Calder v. Jones

PETITIONER: Ian Calder, John South
RESPONDENT: Shirley Jones
LOCATION: National Enquirer, Inc.

DOCKET NO.: 82-1401
DECIDED BY: Burger Court (1981-1986)
LOWER COURT: State appellate court

CITATION: 465 US 783 (1984)
ARGUED: Nov 08, 1983
DECIDED: Mar 20, 1984
GRANTED: Apr 18, 1983

ADVOCATES:
John G. Kester - on behalf of the Appellant
Paul S. Ablon - on behalf of the Appellee

Facts of the case

Shirley Jones was a professional actress and California resident whose television career was also based in California. Marty Ingels, her husband, was also a professional entertainer. On October 9, 1979, the National Enquirer published an article about Jones. John South wrote the first draft of the article, and his byline appeared on it. Shortly before publication, South called Ingels to read him the article and elicit his comments on it. Ian Calder, the president and editor of the Enquirer, declined to print a retraction.

National Enquirer, Inc. was a corporation that published a national newspaper with a total circulation of over five million, 600,000 copies of which were sold in California. John South was a reporter for the Enquirer. He was a resident of Florida, but frequently travelled to California on business. Ian Calder was a Florida resident and he exerted close control over the functions of the Enquirer; he had traveled to California only twice and had no other relevant contacts with that state.

Jones filed an action in California state court against Calder and South, alleging that the article was untrue, libelous, and that it damaged their reputations and good names. The superior court ruled that although the injury occurred in California, it lacked personal jurisdiction over the claim because of the potential chilling effect from requiring editors and reporters to appear in remote jurisdictions. The California Court of Appeals reversed because the defendants intended to cause tortious injury to Jones and Ingels in California. A timely petition for appeal to the Supreme Court of California was denied, but the Supreme Court of the United States treated it as a petition for a writ of certiorari, granting review.

Question

Did Calder and South have sufficient contacts with the state of California to give California state courts personal jurisdiction over Jones’ claim of libel?

Media for Calder v. Jones

Audio Transcription for Oral Argument - November 08, 1983 in Calder v. Jones

Warren E. Burger:

We will hear arguments next in Calder and South versus Jones.

Mr. Kester, I think you may proceed whenever you are ready.

John G. Kester:

Thank you.

Mr. Chief Justice, and may it please the Court, this case is quite different from the one you just heard, although both involve personal jurisdiction.

In that case, the central issue, which apparently was the one, the only addressed by the courts below, was jurisdiction over a publishing company.

This case, however, concerns exclusively two individual corporate employees.

It is not an appeal by a publisher.

The corporate publisher here, the National Enquirer, Incorporated, is a Florida corporation.

It consented to the jurisdiction of the California courts.

It is the publisher's employees, who are two residents of Florida, who have brought this appeal to this Court.

The plaintiff below, who is the appellee here, is Shirley Jones, a television actress.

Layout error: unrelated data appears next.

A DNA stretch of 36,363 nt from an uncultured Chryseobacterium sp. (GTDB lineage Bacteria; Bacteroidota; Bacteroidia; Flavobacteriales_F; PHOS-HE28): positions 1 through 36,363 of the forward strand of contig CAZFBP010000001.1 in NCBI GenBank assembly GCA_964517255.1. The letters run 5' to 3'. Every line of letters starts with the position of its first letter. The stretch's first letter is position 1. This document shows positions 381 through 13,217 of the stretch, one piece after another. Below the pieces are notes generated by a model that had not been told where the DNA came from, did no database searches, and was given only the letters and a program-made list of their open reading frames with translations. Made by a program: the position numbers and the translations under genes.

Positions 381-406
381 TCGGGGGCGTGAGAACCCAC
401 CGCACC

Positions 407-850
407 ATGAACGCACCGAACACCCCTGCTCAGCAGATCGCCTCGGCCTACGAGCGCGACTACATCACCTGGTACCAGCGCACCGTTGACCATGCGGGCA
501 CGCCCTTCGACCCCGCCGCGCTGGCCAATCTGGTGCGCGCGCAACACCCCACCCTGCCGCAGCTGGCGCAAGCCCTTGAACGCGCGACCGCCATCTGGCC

She and her husband complained that they were both libeled by an article in the National Enquirer that said that her husband's behavior was driving her to drink.

Later, her husband dropped his complaint.

Later still, Ms. Jones amended her complaint to say that she complains now only about two sentences in the article, two sentences that said that her drinking had occurred at her place of work and interfered with her work.

Harry A. Blackmun:

Mr. Kester, does the record show why the husband dismissed his--

John G. Kester:

That is not in the record, Mr. Justice Blackmun.

The plaintiffs sued the National Inquirer in a Los Angeles state court for $20 million, $10 million compensatory damages and another $10 million punitive damages.

She also sued in the same complaint John South, a National Enquirer employee whose by-line was on the story that the Enquirer published, and Ian Calder, who was the editor and the president of the National Enquirer, the Number Two man in its corporate organization.

As I said, the Enquirer consented to jurisdiction in California.

The case has not yet gone to trial.

Calder and South, who are the appellants here, were served by mailing copies of the complaint to them from Florida addressed to them... from California, however, addressed to them in Florida.

They entered special appearances in California to contest the jurisdiction of the California court.

The Superior Court of Los Angeles County cited this Court's decisions in International Shoe against Washington, Culco against Superior Court of California, and Worldwide Volkswagen against Woodson, along with the First Amendment, and held that it did not have jurisdiction personally over these two Florida individuals, and it commented that really all that they would add to the California suit would be an opportunity for the plaintiff to try to collect additional punitive damage from them personally.

Ms. Jones appealed that ruling.

The California Court of Appeals sustained her position.

It held that these two Florida individuals were required to come defend themselves in the California court.

I will discuss its reasons in more detail in a moment.

The Court of Appeal in California said it made this holding even though it found, and I quote,

"It may not be said that defendants' activities in California are extensive, wide-ranging, substantial, continuous, or systematic. "

The case comes before this Court on appeal rather than certiorari because the two individuals challenged in the lower courts the constitutionality of California's long arm jurisdiction statute as applied to them.